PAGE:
The good thing about Def Leppard‘s last album, 2015’s Def Leppard, was that it was very much an in-house operation, with songwriting split amongst the band members and production undertaken at vocalist Joe Elliott’s Dublin home studio. It was an album that sought to bring together all the best parts of Leppard’s history, and, largely, it succeeded in that aim. In 2022, the band have brought in outside writers and return to the mild obsession they’ve developed about storming the gates of Nashville, this time by collaborating with the fantastic Alison Krauss, not always with as much success as they’d like.

At fifteen tracks – more if you get the ‘deluxe version’ – there’s an awful lot of Leppard to digest, so if you’re not in for the long haul they’ve helpfully put the three most recognisably ‘Leppardesque’ tracks at the front of the album. Take What You Want, Kick and Fire It Up may all be slightly more polite versions of the Def Leppard playbook, but they do their job efficiently enough to provide the soundtrack for a few middle-aged roadtrips to see the band on tour with fellow legacy rockers Mötley Crüe this summer. Similarly All We Need, an Elliott/Phil Collen composition seemingly written with the expressed intention of conning the listener into thinking they’ve somehow stumbled across an as-yet-unreleased Hysteria b-side, will get older hearts beating a bit quicker, but that’s really about it if it’s solid gold nostalgia you’re looking for.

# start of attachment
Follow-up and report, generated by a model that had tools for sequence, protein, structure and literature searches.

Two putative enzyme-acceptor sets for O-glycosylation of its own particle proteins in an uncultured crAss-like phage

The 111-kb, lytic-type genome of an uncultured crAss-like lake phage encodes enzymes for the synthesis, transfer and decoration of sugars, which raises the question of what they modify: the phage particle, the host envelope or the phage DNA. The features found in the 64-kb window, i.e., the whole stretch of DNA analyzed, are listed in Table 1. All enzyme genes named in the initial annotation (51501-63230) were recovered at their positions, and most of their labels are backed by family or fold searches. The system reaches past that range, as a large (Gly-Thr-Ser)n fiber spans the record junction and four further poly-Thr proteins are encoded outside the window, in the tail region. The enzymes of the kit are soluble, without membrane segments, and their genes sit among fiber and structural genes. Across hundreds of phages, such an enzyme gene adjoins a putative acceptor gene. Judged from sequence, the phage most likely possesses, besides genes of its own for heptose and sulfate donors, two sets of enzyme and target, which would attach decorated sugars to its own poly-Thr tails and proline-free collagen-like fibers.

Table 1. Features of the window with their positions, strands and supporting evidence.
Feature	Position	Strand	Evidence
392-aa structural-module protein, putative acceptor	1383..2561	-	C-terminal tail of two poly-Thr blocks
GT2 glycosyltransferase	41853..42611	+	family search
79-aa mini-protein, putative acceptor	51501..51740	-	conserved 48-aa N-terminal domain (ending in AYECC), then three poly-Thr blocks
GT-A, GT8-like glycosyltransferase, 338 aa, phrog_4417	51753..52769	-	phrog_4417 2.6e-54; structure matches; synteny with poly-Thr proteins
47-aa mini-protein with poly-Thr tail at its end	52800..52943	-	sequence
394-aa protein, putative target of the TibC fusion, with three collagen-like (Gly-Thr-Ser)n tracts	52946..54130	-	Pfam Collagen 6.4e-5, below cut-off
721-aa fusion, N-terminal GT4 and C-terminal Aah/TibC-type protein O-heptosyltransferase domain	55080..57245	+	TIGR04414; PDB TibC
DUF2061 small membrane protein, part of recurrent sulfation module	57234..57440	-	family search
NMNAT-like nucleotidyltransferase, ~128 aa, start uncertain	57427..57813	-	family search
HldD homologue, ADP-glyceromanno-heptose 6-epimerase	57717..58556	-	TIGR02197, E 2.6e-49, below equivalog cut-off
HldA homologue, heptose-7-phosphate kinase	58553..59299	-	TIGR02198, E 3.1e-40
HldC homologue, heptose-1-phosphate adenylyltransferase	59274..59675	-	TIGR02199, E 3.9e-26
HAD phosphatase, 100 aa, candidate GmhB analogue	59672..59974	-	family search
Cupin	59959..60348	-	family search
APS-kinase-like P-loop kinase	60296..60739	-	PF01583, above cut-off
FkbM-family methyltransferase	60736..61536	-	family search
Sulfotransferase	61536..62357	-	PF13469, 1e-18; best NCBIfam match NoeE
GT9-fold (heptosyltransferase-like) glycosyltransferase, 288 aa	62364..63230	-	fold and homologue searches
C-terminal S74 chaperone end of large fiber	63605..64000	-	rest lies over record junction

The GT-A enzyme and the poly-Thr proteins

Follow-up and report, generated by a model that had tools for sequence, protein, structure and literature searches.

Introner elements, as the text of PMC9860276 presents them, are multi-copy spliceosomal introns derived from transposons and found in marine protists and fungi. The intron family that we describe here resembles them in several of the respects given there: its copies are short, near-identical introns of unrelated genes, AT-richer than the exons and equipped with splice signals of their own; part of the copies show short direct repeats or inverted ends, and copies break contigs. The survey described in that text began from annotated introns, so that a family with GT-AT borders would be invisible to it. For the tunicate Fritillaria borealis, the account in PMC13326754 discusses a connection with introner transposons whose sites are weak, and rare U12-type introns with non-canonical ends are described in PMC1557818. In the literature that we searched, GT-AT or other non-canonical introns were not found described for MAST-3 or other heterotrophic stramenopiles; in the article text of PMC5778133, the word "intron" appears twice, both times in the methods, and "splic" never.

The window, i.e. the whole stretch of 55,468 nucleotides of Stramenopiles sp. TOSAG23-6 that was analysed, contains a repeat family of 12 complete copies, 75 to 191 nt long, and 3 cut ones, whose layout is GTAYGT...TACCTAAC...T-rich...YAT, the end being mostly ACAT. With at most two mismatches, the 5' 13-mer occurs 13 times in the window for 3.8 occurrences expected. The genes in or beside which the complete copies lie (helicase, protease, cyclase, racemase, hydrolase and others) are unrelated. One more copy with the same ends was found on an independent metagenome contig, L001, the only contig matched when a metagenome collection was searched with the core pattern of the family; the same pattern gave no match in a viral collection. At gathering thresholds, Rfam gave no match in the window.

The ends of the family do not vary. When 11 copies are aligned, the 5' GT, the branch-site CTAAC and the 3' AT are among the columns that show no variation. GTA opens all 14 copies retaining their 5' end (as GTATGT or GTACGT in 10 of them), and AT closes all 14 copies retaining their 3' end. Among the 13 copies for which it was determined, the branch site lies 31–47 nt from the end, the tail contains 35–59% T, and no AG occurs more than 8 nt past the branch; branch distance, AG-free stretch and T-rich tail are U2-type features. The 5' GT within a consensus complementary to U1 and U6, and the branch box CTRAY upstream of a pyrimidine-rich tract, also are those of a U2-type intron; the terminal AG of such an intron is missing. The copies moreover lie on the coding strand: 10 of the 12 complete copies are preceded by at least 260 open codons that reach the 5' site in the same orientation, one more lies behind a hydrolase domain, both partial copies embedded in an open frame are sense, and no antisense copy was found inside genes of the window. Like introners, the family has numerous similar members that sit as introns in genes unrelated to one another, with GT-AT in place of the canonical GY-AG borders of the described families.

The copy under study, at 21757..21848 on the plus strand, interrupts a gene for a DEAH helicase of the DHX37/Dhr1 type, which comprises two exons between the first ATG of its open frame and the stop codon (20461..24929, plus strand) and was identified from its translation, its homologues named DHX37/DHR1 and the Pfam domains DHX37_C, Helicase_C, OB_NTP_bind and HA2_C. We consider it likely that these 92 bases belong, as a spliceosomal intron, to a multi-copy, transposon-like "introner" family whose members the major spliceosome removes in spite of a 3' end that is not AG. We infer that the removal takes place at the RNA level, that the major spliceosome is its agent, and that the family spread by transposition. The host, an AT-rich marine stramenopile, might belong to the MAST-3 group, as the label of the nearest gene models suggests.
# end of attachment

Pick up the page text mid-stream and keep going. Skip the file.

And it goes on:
Liquid Dust seeks to take the listener back to the glammed-up days of the early seventies but ends up like a Leppardised Suede offcut, whilst the two Krauss cuts (Kuts, surely? – Ed), despite being solid tracks in their own right – especially the slightly overwrought This Guitar – tend to add to the slight sense of dislocation that affects the album after it’s bright start. Still, we live in an age where people tend not to listen to an album as a whole, living thing any more, so maybe that’s not the problem this writer thinks it to be…

The semi-balladic Open Your Eyes and the rousing Gimme A Kiss – actually the best track on the album if you’re a fan of simple, storm-the-barricades hard rock – save the back end of the album from petering out in a morass of filler; But six bona fide great tracks in a collection of fifteen isn’t a great strike rate, so maybe DSH is just a record for you to cherry pick when putting together your next superannuated rockers streaming device playlist… Def Leppard are a great band, of that there is no doubt, but this is merely an ‘okay’ album.

Diamond Star Halos is out now.